The Pattern in the Carpet: A Personal History with Jigsaws is an original and brilliant work. Margaret Drabble weaves her own story into a history of games, in particular jigsaws, which have offered her and many others relief from melancholy and depression. Alongside curious facts and discoveries about jigsaw puzzles did you know that the 1929 stock market crash was followed by a boom in puzzle sales? Drabble introduces us to her beloved Auntie Phyl, and describes childhood visits to the house in Long Bennington on the Great North Road, their first trip to London together, the books they read, the jigsaws they completed. She offers penetrating sketches of her parents, her siblings, and her children; she shares her thoughts on the importance of childhood play, on art and writing, on aging and memory. And she does so with her customary intelligence, energy, and wit. This is a memoir like no other.
This book is not a memoir, although parts of it may look like
a memoir. Nor is it a history of the jigsaw puzzle, although
that is what it was once meant to be. It is a hybrid. I have always
been more interested in content than in form, and I have never
been a tidy writer. My short stories would sprawl into novels, and
one of my novels spread into a trilogy. This book started off as a
small history of the jigsaw, but it has spiralled off in other directions,
and now I am not sure what it is.
I first thought of writing about jigsaws in the autumn of ????, when my young friend Danny Hahn asked me to nominate an icon for a website. This government-sponsored project was collecting English icons to compose a Portrait of England, at a time when Englishness was the subject of much discussion. At random I chose the jigsaw, and if you click on Drabble and jigsaw and icon you can find what I said. I knew little about ...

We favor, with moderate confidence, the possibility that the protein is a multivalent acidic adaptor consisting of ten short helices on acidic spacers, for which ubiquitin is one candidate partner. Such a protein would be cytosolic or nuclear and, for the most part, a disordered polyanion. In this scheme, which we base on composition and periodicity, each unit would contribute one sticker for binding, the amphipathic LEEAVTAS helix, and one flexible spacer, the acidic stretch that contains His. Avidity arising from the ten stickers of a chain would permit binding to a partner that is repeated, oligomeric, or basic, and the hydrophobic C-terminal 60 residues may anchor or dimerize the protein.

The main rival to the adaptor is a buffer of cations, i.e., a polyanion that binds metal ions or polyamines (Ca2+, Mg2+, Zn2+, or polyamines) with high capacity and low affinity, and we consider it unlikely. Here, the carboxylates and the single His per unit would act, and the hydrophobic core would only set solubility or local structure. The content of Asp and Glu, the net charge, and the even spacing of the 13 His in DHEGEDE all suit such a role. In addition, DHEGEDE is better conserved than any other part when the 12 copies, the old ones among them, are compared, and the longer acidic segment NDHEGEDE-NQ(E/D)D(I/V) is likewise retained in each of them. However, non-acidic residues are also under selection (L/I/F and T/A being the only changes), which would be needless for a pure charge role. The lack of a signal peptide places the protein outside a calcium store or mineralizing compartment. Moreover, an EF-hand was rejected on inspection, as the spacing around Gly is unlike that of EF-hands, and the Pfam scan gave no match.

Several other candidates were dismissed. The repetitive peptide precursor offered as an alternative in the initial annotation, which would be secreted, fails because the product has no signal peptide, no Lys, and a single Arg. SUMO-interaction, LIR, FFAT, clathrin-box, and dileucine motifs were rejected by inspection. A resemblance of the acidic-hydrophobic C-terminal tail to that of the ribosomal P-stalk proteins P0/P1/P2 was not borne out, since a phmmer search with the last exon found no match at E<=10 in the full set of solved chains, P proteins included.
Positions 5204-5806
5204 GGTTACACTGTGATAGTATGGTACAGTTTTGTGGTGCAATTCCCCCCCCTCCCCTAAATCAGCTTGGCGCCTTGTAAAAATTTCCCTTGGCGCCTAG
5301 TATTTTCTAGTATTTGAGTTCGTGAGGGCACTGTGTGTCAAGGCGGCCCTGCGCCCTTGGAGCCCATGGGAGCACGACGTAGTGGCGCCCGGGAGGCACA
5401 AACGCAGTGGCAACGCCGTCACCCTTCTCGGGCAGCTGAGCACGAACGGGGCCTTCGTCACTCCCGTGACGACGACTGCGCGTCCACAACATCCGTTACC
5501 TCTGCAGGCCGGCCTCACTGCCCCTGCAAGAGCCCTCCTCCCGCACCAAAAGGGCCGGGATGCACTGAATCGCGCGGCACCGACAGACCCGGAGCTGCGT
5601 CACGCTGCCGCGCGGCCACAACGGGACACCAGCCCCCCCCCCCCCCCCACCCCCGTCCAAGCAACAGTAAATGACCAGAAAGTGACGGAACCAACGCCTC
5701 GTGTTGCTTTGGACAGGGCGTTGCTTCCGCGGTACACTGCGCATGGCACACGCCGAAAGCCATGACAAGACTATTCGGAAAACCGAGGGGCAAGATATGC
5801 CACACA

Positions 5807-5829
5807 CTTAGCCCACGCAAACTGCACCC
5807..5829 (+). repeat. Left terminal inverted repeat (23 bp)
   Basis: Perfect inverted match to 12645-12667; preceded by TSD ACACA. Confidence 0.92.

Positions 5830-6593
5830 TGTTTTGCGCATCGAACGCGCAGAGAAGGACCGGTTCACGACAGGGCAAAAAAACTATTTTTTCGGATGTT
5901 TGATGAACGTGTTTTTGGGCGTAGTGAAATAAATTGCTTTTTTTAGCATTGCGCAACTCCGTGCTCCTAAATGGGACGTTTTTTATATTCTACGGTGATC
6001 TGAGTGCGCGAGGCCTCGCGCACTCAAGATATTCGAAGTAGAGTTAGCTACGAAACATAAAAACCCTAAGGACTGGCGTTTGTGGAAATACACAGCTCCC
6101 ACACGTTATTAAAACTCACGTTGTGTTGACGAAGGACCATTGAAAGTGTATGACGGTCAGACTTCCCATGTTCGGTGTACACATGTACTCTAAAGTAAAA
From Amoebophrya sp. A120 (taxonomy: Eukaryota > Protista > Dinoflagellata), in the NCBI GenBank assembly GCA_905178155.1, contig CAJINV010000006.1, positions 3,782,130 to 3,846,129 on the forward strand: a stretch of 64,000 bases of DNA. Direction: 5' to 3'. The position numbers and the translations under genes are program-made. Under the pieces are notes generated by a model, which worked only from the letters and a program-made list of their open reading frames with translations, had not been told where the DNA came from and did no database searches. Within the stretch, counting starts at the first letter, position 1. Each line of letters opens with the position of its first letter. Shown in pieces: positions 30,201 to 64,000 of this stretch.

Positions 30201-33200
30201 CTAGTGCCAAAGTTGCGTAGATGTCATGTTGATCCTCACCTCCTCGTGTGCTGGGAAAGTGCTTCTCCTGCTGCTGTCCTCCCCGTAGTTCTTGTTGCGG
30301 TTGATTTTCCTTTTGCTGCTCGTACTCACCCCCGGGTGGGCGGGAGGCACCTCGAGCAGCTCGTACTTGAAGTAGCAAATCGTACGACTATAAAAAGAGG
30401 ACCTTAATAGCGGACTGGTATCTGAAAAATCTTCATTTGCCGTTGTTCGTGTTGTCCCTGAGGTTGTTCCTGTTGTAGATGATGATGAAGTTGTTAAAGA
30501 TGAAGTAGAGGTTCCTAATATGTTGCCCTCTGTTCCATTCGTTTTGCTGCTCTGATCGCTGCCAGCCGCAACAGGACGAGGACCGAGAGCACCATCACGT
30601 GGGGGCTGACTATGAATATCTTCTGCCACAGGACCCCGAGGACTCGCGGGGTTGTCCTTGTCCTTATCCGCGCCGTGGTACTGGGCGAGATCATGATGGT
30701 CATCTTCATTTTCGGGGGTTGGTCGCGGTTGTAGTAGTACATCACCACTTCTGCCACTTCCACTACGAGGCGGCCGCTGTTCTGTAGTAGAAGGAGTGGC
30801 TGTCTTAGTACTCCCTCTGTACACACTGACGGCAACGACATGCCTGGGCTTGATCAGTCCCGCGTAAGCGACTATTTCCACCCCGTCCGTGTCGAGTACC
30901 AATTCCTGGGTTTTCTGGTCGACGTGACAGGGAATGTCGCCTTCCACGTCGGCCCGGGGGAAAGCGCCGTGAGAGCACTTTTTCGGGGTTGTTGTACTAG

To read The Pattern in the Carpet is to witness the wide-ranging power of a keen and curious mind. By her own admission "not a tidy writer," Margaret Drabble's "personal history with jigsaws" is a memoir for readers who are willing to stray from the path and possibly never return. It's about jigsaws, certainly, but also about history, philosophy, cartography, literature, poetry, obsession, depression, and the delight of the digression. If you like your timelines linear, your themes clearly laid out, and your narrator a reliable tourguide with a checklist, you'll likely run screaming after the first chapter. But if you're willing to surrender to her charms, you'll find that Drabble is an irresistibly eccentric guide with a rigorous curiosity and wicked wit.
(Reviewed by Lucia Silva).
Full Review (879 words).
Margaret Drabble was born in 1939 in Sheffield, England. Her father was a barrister, county court judge and a novelist. Her sister is the author A.S. Byatt. Margaret attended the Mount School in York from where she won a scholarship to Newnham College, Cambridge to read English. She received a Starred First (First Class Honours with Distinction - which is rarely awarded). After graduating from Cambridge she joined the Royal Shakespeare Company in Stratford where she understudied for Vanessa Redgrave.
She is the author of over 25 works of fiction, nonfiction, and biography. You may view a detailed bibliography here.
She married the actor Clive Swift (perhaps best known for his role as husband to Hyacinth Bucket ...
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